Which? today reveals 10 eco products that we think aren’t worth buying, which could help you save £535 by leaving them on the shelf. We also give you alternatives to help you save energy, water and money.
Eco products you don’t need…
There’s a plethora of eco products on the market that promise to slash your power, heating or water bills, but our tests reveal that not all of them deliver on those claims.
To separate the products we think are and aren’t worth investing in, we sent some to our lab for testing, and others to a user panel for assessment. During our tests we found that one product, the Ecotek Energy Wizard, actually did the opposite of what it claims to do – it actually increased the power used by a plasma TV or stereo. And we found that two disposable battery chargers didn’t do the job effectively – even though each could cost you up to £35.
One user whose home didn’t have high water pressure found that the water-saving shower head they tried only provided a disappointing trickle of water to wash under.
Find out the full details of the eco products that we think you can live without…
Note: September 2013 – Vphase has gone into administration.
… and the products you do need
As well as revealing the eco products that we think you’re better off avoiding, we’re also giving you some great alternatives and money-saving ideas in this photo gallery. Some of them won’t even cost you a penny.
Are eco products really green? How much energy and resources have been used during the manufacture of an eco product? And how much fuel has been burned shipping it from the production line to your home?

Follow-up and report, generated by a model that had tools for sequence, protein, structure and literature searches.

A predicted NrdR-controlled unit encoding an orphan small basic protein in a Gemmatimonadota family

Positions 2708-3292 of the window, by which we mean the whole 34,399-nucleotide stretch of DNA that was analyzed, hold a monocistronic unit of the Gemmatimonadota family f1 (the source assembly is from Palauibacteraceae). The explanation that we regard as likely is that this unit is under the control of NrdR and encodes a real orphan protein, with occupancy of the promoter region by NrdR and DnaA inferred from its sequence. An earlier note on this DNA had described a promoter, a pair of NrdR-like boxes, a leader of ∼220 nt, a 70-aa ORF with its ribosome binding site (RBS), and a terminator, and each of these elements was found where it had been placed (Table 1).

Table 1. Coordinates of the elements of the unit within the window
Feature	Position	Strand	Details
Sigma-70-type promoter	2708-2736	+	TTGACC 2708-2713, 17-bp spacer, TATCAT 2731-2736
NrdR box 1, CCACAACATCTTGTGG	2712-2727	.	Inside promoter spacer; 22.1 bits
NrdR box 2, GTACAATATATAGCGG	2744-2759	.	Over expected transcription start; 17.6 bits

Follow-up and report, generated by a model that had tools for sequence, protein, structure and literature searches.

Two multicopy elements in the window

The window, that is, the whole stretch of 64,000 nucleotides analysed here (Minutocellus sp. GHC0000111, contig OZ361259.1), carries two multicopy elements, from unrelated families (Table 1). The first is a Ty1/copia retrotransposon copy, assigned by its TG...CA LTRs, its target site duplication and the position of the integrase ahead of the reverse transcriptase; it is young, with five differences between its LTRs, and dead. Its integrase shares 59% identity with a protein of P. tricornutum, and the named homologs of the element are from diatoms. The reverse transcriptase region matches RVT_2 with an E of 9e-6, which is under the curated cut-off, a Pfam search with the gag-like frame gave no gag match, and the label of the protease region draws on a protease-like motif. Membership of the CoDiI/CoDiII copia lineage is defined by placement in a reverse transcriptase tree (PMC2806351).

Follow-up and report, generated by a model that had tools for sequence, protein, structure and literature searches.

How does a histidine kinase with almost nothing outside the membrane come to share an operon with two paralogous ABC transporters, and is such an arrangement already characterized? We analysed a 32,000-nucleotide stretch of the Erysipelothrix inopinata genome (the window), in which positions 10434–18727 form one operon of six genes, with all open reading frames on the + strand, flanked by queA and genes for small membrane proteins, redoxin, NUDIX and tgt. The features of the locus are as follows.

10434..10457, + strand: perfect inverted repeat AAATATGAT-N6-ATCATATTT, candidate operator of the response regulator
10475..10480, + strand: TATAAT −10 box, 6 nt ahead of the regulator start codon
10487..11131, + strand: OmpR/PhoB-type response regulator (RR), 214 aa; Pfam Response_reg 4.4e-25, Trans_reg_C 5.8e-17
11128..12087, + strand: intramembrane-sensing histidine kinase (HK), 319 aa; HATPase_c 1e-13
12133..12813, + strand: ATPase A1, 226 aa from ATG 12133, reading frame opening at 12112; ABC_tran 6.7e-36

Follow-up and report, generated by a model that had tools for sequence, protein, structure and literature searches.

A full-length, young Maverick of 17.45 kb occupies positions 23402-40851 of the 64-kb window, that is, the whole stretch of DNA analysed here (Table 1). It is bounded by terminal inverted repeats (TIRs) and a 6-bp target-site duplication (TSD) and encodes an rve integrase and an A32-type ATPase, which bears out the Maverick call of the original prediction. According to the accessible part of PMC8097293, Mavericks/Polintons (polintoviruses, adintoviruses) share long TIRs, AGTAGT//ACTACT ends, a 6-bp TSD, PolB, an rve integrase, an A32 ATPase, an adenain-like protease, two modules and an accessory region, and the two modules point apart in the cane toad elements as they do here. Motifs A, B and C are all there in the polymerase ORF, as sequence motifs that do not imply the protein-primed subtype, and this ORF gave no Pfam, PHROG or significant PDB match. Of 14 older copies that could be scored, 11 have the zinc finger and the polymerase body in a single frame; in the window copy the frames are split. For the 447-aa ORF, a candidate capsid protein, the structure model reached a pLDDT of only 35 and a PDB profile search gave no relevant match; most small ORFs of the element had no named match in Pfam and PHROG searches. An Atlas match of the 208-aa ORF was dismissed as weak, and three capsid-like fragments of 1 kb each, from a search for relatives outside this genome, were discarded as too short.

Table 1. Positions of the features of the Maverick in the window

Which? energy expert Sylvia Baron says: ‘For the product to truly make a difference in terms of carbon savings, it will need to save more carbon when in use than it consumes during its production and disposal. And this is quite complicated to work out.
‘As a general rule, if you buy an eco product and don’t use it much, it is likely that you will have contributed to more carbon being burned than saved. Most items we buy have a carbon foortprint.
‘The Carbon Label has started appearing on some popular products. Did you know, for example, that the carbon footprint of a pint of Tesco’s semi-skimmed milk is 800g? That’s the same as driving two miles in an economical car.’
Join the debate
If you’ve encountered a useless or overly expensive eco product, or want to share your energy-saving tips, tell us about it on Which? Conversation, where we’re discussing this subject.
Lower your gas and electricity bills
You can compare energy prices and switch to a new gas and electricity supplier on Which? Switch. People who switched with us between 1 October and 31 December 2013 are predicted to save an average of £234 a year on their bills.
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